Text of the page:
Rockies - The leader in speculation is Colorado, with one of the primary names involved being infielder Eric Young Jr. The recently acquired Jose Lopez has also been mentioned. The movement of both, or even just one, of these names would make room for Young at second base for the Rockies, and would also give them an impressive infield including stalwart Todd Helton at first, Ian Stewart at third and of course Troy Tulowitzki at short. Shifting Lopez and his $3.6 million salary in 2011 would be of some financial help, but the Rockies reportedly are looking for Texas to pick up at least $20 million of the remaining $48 million on Young's contract. If Texas plays ball, the Rockies still have to be the favorite here.
Dodgers - The Dogers are already paying $10 million this season towards players no longer on their roster, bringing their 2011 committment to more than $100 million. Their current starting infield consists of James Loney, Juan Uribe, Rafael Furcal and Casey Blake, with Jamey Carroll and Jay Gibbons as the primary backups. I'm not sure the Rangers would want any of those players in return, which means a third team might have to get involved in this scenario. This is a tough one to read, unless Los Angeles is willing to shift one of those starters to the bench and jettison either Carroll or, more likely, Gibbons.
Angels - Think they'd swap an arbitration-eligible player to Texas and then pay the rest of Young's salary? No, they probably wouldn't screw the pooch twice in a row. But he would have a role in Los Angeles, combining with Maicer Izturis, Erick Aybar, Howie Kendrick, Kendry Morales, Alberto Callaspo and Brandon Wood to create a deep and talented infield pool. Third base would seem his likely target. Unfortunately the Angels don't seem capable of taking on much, if any additional, salary...as their 2011 payroll is already at $124 million. The Angels seem like an unlikely option.
Padres - In spite of their $38 payroll this season, San Diego is fielding a pretty decent infield. Chase Headley, Jason Bartlett, Orlando Hudson and Brad Hawpe form, at the very least, recognizeable names for the fanbase. They also signed Jorge Cantu to a very team-friendly contract, and Everth Cabrera is in-house. Young might provide them with better coverage in the field and a more reliable bat off the bench, and considering how their team is set up for the next few seasons they might not balk too hard at the dollars if Texas doesn't ask for a lot in terms of prospects. Of course, that all depends on how much faith the organization has in the six guys they already have, and whether or not they'd be willing in invest in an aging star who will make more than double the salary of their current highest-paid player.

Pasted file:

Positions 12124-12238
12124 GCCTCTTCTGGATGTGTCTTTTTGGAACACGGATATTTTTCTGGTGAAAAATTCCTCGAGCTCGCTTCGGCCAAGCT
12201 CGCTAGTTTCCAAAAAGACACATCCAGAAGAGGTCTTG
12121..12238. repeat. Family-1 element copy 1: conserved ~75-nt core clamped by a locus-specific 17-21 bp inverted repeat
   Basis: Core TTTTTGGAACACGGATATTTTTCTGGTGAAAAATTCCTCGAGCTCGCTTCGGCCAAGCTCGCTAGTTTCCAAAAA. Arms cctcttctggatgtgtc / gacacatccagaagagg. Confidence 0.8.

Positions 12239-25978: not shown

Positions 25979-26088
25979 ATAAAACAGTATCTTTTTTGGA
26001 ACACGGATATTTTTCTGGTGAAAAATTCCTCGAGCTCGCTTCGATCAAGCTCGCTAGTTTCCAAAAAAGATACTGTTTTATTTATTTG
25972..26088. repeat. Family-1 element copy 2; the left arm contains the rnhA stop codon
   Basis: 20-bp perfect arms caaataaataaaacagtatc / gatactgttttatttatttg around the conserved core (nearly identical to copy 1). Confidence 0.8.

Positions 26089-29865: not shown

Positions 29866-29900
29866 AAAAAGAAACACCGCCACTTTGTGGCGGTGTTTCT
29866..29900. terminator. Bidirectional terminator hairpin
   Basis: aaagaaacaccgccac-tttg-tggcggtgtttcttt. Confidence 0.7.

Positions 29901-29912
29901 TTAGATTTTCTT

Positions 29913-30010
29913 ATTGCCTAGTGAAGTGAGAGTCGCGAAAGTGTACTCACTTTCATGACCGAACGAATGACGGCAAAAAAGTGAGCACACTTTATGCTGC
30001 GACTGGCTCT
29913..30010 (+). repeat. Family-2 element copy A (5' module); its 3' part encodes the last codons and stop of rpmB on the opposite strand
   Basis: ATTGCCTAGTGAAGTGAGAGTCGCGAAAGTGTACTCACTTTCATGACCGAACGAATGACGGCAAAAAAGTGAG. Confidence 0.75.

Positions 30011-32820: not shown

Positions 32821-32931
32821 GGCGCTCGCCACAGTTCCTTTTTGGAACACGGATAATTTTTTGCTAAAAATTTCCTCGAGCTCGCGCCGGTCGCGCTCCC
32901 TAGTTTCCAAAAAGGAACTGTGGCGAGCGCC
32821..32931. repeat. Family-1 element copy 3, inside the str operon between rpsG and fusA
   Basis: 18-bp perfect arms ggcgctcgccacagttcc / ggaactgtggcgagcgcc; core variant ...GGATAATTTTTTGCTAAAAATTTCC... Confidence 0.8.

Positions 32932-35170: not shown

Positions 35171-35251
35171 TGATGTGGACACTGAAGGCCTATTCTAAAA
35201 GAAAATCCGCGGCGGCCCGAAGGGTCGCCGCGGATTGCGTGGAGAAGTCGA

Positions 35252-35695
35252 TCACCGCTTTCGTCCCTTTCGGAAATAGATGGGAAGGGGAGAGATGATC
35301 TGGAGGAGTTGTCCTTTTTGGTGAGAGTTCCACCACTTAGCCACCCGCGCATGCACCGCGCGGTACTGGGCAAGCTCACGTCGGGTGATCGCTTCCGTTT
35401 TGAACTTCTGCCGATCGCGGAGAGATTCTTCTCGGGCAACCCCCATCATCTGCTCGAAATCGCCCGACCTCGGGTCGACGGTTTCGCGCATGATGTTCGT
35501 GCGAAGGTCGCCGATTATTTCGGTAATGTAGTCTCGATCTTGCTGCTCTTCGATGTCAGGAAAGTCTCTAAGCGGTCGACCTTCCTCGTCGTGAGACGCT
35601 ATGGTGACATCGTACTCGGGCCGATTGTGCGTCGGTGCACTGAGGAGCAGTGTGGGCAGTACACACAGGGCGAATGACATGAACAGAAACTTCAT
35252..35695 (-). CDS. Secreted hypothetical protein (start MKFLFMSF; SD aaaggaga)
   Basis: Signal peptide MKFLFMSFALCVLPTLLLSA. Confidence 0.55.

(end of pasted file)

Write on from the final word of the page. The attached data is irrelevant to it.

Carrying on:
Twins - Now we come to our own boys, and honestly, while I know Young would make the Twins better (as he would most of the teams on this list), I know it would take a virtual steal for such a move to transpire. Texas has very little leverage, yes, but enough to make a move worth Minnesota's time? History says probably not, not when dealing with such a contract. But he would certainly have a role. Whether backing up Danny Valencia at third, or playing second if Alexi Casilla falters and Tsuyoshi Nishioka shifts over...or if Nishioka has issues himself. Even as a backup plan for Justin Morneau, so Cuddyer doesn't have to shift around again.
In terms of odds, I think the Twins are probably closer to odds-off than odds-on. Colorado, San Diego and New York would all seem the most likely destinations, while Houston and both Los Angeles teams seem highly unlikely. I'd put Minnesota and St. Louis squarely in the middle.
Whatever happens, Nolan Ryan and the Rangers are in an unenviable situation. Either they trade him for what he's not likely to be fair value, or they hold onto a player who clearly wants out and might be something of a distraction.